Archive for July 25th, 2012

Despite their mutual distrust, a werewolf couple — a witch and an ex-cop — must work together to defeat her abusive father, a werewolf wizard who is determined to destroy the Magekind

But though Miranda Drake and William Justice team up to help Arthur and his knights, neither trusts the other. Justice strikes Miranda as the sort of dominant Alpha male who has abused her all her life. Justice has worked with other domestic violence victims, and knows that the women sometimes turn on the cops who try to help them. Yet for Justice, protecting Miranda is his opportunity to redeem himself for his inability to prevent Warlock’s manipulation of his people into war.

In the final book of the Mageverse series, King Arthur, his knights, and the Majae do not have the strength to defeat their most powerful enemy, Warlock, on their own. The fate of both Earth and Mageverse rests on the shoulders of Warlock’s daughter, Miranda, and her werewolf bodyguard, Justice.

After years of abuse at the hands of Alpha wolves, Miranda doesn’t trust any of them and has no plans to get involved with Justice, regardless of the sparks they create. When Justice almost loses his life saving hers, Miranda must acknowledge she loves him and battle her fears, both to secure a future for them and to defeat her father.

Since much of Miranda and Justice’s relationship develops off page during the months between Master of Shadows and Master of Darkness, the “I love you”s felt abrupt and not very believable until mid-book when Miranda is forced to talk Justice off a magical ledge and tells him why she loves him. After that, I was fully invested in them, their love, and the ultimate battle of good versus evil they were engaging in. And while the deeper feelings weren’t believable right away, that didn’t stop the sexual chemistry between them from heating up the pages.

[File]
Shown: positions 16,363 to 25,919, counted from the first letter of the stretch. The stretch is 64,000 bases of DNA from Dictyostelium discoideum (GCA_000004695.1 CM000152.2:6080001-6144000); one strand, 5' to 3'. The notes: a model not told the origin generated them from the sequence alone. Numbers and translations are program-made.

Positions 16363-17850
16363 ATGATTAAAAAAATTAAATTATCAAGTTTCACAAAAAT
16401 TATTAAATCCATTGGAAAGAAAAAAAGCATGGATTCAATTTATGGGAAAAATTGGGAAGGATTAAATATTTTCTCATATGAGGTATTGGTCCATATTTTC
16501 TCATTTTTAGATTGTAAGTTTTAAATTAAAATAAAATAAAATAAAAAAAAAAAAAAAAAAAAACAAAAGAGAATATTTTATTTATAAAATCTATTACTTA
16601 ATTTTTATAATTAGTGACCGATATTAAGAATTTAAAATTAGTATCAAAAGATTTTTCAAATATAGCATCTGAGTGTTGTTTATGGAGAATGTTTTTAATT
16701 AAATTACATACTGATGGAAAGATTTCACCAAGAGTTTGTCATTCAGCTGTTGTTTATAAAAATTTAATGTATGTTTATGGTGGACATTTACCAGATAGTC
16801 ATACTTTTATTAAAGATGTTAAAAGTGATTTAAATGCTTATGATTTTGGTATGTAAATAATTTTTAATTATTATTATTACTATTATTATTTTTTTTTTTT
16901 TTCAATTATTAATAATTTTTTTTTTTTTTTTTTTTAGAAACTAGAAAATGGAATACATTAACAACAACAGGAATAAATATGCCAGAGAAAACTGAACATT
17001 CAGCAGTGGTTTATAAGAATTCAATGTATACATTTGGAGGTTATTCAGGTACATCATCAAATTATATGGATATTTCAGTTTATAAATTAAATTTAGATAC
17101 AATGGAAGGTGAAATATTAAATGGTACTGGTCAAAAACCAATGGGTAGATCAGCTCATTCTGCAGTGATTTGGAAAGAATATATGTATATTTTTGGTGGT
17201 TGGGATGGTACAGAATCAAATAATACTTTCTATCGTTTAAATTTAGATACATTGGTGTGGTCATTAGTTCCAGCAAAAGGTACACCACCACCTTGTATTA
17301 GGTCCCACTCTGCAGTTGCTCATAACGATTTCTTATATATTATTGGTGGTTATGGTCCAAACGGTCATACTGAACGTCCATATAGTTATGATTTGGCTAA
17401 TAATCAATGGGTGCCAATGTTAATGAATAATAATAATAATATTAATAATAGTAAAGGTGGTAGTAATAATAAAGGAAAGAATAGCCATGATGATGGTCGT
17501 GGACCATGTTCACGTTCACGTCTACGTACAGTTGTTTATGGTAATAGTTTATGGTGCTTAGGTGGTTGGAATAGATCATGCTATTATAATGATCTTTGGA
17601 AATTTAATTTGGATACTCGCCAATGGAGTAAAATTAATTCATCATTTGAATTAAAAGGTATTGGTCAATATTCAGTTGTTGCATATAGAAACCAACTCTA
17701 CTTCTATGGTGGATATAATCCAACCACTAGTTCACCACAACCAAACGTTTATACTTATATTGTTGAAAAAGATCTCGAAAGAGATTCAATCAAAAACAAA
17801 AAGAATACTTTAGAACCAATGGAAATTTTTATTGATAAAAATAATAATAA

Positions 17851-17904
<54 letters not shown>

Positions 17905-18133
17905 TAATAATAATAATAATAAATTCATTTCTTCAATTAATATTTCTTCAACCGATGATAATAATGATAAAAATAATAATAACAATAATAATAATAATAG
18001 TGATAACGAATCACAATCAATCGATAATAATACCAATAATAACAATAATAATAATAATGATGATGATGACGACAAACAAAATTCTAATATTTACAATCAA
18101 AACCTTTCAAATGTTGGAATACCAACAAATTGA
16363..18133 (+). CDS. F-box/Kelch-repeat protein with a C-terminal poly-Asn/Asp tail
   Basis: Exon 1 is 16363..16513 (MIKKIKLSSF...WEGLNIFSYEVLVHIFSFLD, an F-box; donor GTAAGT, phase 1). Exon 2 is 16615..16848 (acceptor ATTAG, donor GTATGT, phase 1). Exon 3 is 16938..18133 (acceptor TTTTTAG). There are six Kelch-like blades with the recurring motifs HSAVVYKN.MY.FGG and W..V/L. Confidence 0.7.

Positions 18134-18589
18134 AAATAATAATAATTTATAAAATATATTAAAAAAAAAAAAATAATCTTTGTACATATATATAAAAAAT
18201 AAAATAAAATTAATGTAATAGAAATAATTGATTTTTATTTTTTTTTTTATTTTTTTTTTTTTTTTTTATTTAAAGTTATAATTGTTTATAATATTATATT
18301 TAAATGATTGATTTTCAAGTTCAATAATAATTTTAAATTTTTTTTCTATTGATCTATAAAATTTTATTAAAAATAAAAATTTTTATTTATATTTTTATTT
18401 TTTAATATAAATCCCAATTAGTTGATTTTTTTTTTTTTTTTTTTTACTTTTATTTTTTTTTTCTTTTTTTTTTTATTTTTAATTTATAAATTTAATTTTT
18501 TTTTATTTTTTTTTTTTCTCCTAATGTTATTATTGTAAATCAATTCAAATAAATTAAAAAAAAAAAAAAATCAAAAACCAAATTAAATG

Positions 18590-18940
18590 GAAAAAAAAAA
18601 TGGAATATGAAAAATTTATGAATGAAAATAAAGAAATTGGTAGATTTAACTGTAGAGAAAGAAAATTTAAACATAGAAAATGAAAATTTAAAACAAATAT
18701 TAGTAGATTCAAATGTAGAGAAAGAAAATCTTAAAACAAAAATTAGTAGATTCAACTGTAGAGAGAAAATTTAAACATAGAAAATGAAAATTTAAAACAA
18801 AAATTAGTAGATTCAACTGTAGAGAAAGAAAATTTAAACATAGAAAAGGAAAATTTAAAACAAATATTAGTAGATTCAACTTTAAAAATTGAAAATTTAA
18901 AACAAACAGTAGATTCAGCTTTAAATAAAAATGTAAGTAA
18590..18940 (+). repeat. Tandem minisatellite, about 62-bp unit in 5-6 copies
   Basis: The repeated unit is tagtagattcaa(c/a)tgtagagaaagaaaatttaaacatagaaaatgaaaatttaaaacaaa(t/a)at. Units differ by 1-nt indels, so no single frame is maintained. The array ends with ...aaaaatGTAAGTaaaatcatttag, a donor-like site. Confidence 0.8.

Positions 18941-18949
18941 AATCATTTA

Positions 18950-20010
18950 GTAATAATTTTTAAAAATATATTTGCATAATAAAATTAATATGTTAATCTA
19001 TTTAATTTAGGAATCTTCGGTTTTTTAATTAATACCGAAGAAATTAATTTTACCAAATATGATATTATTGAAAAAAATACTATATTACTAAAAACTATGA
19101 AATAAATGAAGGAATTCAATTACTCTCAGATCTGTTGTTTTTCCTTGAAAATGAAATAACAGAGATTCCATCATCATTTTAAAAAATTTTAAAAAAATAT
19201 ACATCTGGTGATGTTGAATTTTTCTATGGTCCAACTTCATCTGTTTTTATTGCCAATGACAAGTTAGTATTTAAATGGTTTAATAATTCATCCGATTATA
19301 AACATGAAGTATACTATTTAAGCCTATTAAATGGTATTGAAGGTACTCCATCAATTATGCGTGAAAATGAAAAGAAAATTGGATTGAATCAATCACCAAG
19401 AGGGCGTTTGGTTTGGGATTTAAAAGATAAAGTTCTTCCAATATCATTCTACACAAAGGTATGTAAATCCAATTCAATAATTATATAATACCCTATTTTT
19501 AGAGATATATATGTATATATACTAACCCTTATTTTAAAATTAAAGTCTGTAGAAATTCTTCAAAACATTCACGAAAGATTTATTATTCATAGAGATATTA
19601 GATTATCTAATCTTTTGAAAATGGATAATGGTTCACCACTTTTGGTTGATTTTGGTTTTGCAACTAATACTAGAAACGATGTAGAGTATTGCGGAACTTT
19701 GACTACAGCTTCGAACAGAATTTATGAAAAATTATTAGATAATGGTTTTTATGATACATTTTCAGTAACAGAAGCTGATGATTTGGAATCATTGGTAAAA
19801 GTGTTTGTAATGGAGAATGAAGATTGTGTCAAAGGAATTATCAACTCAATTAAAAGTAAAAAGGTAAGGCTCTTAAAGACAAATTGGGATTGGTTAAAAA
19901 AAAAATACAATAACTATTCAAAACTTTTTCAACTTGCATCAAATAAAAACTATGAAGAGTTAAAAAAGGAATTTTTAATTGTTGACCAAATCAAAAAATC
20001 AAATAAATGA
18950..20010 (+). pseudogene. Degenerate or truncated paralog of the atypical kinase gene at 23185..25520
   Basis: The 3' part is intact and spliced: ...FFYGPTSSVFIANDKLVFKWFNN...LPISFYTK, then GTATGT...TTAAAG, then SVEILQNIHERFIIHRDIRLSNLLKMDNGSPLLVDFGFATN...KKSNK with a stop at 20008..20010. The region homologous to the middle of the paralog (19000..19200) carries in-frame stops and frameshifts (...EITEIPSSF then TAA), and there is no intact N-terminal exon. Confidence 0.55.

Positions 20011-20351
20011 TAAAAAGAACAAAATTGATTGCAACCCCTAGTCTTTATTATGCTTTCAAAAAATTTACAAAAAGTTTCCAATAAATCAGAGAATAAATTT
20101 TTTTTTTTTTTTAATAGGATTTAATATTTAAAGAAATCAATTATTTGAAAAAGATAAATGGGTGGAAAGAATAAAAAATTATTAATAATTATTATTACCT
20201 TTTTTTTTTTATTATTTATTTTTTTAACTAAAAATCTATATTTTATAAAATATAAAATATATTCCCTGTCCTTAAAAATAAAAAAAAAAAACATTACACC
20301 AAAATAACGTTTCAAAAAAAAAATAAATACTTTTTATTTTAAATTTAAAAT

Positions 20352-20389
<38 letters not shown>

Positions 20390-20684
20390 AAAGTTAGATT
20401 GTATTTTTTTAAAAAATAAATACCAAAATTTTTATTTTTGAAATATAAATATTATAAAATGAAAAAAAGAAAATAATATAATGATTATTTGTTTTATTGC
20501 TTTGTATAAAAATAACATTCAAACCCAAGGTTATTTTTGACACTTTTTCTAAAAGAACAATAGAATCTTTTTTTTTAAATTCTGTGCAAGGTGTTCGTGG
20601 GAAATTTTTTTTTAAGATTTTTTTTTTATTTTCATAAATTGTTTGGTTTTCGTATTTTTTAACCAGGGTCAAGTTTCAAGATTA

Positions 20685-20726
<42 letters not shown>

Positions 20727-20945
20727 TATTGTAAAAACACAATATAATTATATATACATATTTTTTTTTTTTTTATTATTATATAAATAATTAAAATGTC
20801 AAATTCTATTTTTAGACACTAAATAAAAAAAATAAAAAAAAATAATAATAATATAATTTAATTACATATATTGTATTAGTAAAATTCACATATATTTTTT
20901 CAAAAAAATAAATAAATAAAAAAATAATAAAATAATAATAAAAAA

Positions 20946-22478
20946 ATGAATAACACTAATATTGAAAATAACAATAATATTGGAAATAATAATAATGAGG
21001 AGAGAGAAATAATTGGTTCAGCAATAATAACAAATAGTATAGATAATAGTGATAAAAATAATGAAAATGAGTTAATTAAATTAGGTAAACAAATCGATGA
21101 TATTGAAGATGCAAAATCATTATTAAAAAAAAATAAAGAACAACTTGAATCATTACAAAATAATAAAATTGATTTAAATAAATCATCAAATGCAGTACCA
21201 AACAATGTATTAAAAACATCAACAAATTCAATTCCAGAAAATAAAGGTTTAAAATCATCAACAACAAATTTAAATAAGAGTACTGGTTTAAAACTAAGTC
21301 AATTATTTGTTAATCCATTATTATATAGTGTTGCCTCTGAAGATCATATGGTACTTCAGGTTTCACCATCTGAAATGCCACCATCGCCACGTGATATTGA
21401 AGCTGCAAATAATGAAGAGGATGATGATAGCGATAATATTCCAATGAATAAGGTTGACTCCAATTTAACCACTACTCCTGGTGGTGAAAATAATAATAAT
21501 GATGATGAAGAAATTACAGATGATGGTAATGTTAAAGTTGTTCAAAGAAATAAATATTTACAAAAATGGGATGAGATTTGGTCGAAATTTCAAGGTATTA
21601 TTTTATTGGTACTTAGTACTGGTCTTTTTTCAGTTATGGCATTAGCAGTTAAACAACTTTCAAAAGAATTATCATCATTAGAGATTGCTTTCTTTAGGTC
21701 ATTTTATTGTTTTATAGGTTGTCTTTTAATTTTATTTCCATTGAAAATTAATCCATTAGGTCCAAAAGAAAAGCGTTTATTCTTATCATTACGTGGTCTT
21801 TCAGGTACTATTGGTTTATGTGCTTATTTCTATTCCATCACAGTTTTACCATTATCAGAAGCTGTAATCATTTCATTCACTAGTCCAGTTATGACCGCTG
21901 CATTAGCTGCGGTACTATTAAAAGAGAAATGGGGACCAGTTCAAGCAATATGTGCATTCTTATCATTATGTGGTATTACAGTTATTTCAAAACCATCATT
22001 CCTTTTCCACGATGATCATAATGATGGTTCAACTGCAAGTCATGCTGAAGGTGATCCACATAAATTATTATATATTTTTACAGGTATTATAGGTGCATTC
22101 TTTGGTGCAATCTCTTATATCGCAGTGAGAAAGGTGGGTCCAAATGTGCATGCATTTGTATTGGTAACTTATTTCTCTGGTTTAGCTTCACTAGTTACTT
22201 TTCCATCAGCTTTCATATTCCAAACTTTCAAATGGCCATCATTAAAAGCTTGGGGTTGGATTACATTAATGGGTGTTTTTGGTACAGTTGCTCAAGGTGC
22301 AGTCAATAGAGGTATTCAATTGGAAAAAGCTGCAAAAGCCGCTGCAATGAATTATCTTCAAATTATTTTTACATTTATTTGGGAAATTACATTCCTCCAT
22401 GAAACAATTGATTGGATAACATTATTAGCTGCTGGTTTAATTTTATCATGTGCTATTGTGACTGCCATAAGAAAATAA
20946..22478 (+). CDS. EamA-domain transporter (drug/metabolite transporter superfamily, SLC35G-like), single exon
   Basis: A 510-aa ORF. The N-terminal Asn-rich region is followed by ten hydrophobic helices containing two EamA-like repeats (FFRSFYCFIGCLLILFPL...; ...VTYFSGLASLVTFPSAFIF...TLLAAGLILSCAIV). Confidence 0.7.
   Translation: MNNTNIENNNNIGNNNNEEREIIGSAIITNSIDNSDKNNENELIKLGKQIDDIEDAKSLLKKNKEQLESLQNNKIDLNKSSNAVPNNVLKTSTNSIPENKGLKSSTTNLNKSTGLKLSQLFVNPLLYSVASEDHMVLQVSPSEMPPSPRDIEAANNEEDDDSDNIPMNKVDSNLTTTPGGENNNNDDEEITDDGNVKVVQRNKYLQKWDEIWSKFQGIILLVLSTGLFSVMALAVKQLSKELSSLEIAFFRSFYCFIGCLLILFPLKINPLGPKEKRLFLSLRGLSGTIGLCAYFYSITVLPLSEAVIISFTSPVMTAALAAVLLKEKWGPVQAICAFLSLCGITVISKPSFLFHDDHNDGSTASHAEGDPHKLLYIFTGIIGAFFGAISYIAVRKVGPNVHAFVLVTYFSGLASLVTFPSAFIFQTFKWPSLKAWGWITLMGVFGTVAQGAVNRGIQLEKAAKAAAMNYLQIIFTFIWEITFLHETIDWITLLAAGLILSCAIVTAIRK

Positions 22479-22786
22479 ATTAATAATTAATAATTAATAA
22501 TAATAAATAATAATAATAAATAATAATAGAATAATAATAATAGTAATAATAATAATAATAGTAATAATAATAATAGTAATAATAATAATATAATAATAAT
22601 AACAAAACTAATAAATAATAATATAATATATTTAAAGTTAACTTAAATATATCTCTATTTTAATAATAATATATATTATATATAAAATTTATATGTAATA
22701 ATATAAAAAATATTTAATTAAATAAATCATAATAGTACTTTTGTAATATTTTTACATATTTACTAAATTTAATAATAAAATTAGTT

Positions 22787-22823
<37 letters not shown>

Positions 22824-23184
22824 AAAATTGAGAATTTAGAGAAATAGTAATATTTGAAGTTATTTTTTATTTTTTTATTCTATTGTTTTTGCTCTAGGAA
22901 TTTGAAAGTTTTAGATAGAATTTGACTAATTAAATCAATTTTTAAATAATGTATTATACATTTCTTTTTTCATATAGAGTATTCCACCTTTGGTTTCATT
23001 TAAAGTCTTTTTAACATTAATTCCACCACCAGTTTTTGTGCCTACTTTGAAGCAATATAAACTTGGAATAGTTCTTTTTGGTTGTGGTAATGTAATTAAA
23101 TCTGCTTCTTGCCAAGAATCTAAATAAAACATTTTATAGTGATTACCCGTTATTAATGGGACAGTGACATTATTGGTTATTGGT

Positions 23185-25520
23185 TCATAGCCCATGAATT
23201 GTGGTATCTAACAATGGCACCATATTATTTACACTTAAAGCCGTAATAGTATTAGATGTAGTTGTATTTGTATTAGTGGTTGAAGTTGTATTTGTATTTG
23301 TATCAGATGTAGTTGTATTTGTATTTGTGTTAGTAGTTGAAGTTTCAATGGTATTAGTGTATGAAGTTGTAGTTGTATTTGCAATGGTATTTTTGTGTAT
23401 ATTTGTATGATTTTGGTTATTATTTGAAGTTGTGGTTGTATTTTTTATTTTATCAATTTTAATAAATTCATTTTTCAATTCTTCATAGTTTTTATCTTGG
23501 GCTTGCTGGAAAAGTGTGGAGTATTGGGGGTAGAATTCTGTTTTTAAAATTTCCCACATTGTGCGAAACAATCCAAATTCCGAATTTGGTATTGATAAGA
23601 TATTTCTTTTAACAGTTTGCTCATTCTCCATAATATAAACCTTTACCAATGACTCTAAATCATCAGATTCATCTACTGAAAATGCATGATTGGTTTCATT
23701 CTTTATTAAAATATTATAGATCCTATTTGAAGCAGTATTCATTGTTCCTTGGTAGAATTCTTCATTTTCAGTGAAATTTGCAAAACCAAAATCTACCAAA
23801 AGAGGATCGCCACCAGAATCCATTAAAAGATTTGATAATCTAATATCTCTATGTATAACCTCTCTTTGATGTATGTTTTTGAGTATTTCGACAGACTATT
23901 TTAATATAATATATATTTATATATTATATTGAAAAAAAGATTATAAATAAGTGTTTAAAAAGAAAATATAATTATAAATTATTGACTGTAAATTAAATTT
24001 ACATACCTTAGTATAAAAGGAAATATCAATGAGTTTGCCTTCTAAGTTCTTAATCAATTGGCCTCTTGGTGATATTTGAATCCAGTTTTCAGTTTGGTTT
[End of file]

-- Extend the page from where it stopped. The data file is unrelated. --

I did have a few issues with this book. The hero is William Justice. He is called Justice in the previous book, he is called Justice in this book, Miranda calls him Justice during sex but during a few random conversations, Miranda refers to him as Bill. For such a small thing, it pulled me out the story every time it happened as I thought “who’s Bill?”

There are also a lot of new characters introduced in this book and most didn’t seem to add to the story at all. I was bored with the pages spent on the background and personality of Warlock’s minions and skimmed much of it. There were also three siblings introduced early in the book that confused me. They had no relevance except to introduce Melinda and Justice to another character. It wasn’t until the epilogue that I realized they were the main characters in Knight’s upcoming spin-off trilogy. They just weren’t interesting enough to be anything but a mild annoyance for the time they took away from the drama and action.

While Master of Darkness wasn’t my favorite of this series, it was a very satisfying conclusion. It had all the sexiness, humor, geekiness and intense battle scenes I have come to treasure in the Mageverse. And those are the things I will miss. I’ve been reading this series for eight years and I’m not ready to say goodbye but if it has to end, this was the way to go.


Favorite quote:

“No. No he didn’t break you, my dear.” Inhuman eyes probed hers delicately. “The most he managed was a bend here and there. Apparently he has forgotten that the beat of the hammer in the flame’s heart only strengthens a good blade.”

Genre: Paranormal Romance
Release Date: August 2nd, 2012
Format: Print and digital

Barnes & Noble

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